Published on 2023-12-31

There was this moment that stood out to me from back when I was a teenager. I don't really remember all the circumstances around it; those have been lost to time. But I do remember that after it happened, I framed it as "the moment I fully internalized that nothing's real."

"Nothing's real" does feel a lot like a teenager thing to think, or that thing the annoying philosophy student tells you at a party, but I don't think that's literally what I thought at the time. I feel like it was a pretty formative shift in understanding for me, but again, it was a while ago, and I didn't keep good journals at the time. It's hard to say what I was "literally" thinking.

But I think it went something like this:

At the time my major special interest was, like, postmodernism? Or at least the postmodernism I had the stamina to read and understand at the time. Those people really like their big words.

One thing I thought I understood as a core idea of postmodernism, though, was subjectivity. Things were very circumstantial, relative to a particular person. Objectivity is not practical or realistic. This was a huge break from the way I was used to thinking. I mean, if there is a red apple sitting on the table in front of you, as you have perceived it with your eyes, why should you have any reason to doubt that the apple is red? Wouldn't that be the more impractical way of knowing?

Well, the thing is, due to various circumstances in my life, I often find myself surrounded by people telling me that the apple is in fact blue. They too are apparently using their senses to deduce the colour of the apple, but nonetheless, we still can't come to the same conclusion.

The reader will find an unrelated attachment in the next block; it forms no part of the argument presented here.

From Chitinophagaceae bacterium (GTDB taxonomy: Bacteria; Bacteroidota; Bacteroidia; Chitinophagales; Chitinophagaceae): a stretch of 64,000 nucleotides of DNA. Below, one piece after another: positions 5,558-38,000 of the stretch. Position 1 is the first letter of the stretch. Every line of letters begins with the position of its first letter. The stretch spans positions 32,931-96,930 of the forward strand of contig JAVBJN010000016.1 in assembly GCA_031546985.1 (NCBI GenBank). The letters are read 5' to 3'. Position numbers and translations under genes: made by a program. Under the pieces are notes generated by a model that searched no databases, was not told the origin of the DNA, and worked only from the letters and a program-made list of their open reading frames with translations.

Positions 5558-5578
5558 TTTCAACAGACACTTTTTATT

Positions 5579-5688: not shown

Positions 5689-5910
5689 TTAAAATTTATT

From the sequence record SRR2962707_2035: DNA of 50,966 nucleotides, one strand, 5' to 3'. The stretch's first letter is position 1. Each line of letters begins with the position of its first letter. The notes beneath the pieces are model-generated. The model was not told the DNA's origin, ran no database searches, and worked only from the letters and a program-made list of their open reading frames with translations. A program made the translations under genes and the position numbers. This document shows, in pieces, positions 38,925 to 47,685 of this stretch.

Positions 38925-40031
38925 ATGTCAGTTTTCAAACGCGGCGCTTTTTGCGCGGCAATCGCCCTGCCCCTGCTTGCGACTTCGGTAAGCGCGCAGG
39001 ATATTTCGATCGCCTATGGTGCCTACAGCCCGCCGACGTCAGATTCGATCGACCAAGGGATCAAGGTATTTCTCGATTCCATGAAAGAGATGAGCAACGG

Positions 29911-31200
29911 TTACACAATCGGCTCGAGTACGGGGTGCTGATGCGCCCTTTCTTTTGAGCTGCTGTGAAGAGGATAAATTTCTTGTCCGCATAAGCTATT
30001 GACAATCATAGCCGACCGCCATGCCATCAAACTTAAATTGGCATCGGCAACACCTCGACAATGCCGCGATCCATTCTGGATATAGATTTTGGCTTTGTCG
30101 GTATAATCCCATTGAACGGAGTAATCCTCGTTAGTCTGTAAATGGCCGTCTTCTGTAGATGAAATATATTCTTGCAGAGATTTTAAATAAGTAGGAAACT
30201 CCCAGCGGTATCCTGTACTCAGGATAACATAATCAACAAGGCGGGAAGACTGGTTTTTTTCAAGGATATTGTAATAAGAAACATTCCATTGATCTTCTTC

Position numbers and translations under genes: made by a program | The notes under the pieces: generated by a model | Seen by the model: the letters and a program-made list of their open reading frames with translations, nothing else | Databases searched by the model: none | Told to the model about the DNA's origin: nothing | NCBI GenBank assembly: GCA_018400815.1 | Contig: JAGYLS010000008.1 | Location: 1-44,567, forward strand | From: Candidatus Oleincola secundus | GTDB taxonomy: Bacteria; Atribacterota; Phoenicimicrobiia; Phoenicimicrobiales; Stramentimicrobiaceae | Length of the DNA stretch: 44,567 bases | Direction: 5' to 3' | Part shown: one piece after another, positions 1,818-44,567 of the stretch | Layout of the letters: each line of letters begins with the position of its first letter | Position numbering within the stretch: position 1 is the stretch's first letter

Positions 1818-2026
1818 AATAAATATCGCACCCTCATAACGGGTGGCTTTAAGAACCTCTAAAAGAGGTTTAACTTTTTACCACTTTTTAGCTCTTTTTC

Less metaphorically, and more central to what lead me to this shift in understanding, was that I started to realize how I had this conception of myself that few, if anyone at all, shared. The image of who I am as it exists in my head differed in some seriously fundamental ways from that of all the other people in my life. When I tried to tell people "no, actually, that's not who I am; this is!", they didn't believe me. I was stunned. How do you think you know better who I am, than me?

So, what does it mean to be real? To be "objective?"

I don't think I can fully develop that question here, but one way I often like to think about it is that being real means existing outside your own head. But importantly, there's a big difference between "I'm real," as said to myself, and "you're real," as said by someone else to me. The version of me other people experience does in fact exist outside my own head; the version of me that exists in my own head usually does not.

For the lucky, those two "people" are similar enough to one another that it doesn't really matter. For me, it causes a lot of headaches.

I guess you'd call this "anti-solipsism." But I wasn't immune to solipsistic thinking at the time (or today either, all things considered), and I found myself using a similar train of thought to fail to see the "objectivity" of a lot of things I encounter in life. The coalescence of these two problems must have been what drove me to the conclusion that "nothing's real."

But I did want to be real; more than anything.

For a while it was enough to surround myself with people who also believed that I'm real, but that seemed to only make existing in the wider world more difficult. If I was to truly escape the "derealization," then I'd either need to change the circumstances of my life such that most people would think I'm real automatically, or I'd need to find some internal engine of "realness" that'd sustain me on my own. Maybe a bit of both. Probably a bit of both.

I don't think I've resolved that contradiction yet, but I do feel like I've come a long way since then, and I'm a lot happier because of it.

Respond to this article

If you have thoughts you'd like to share, send me an email!

See here for ways to reach out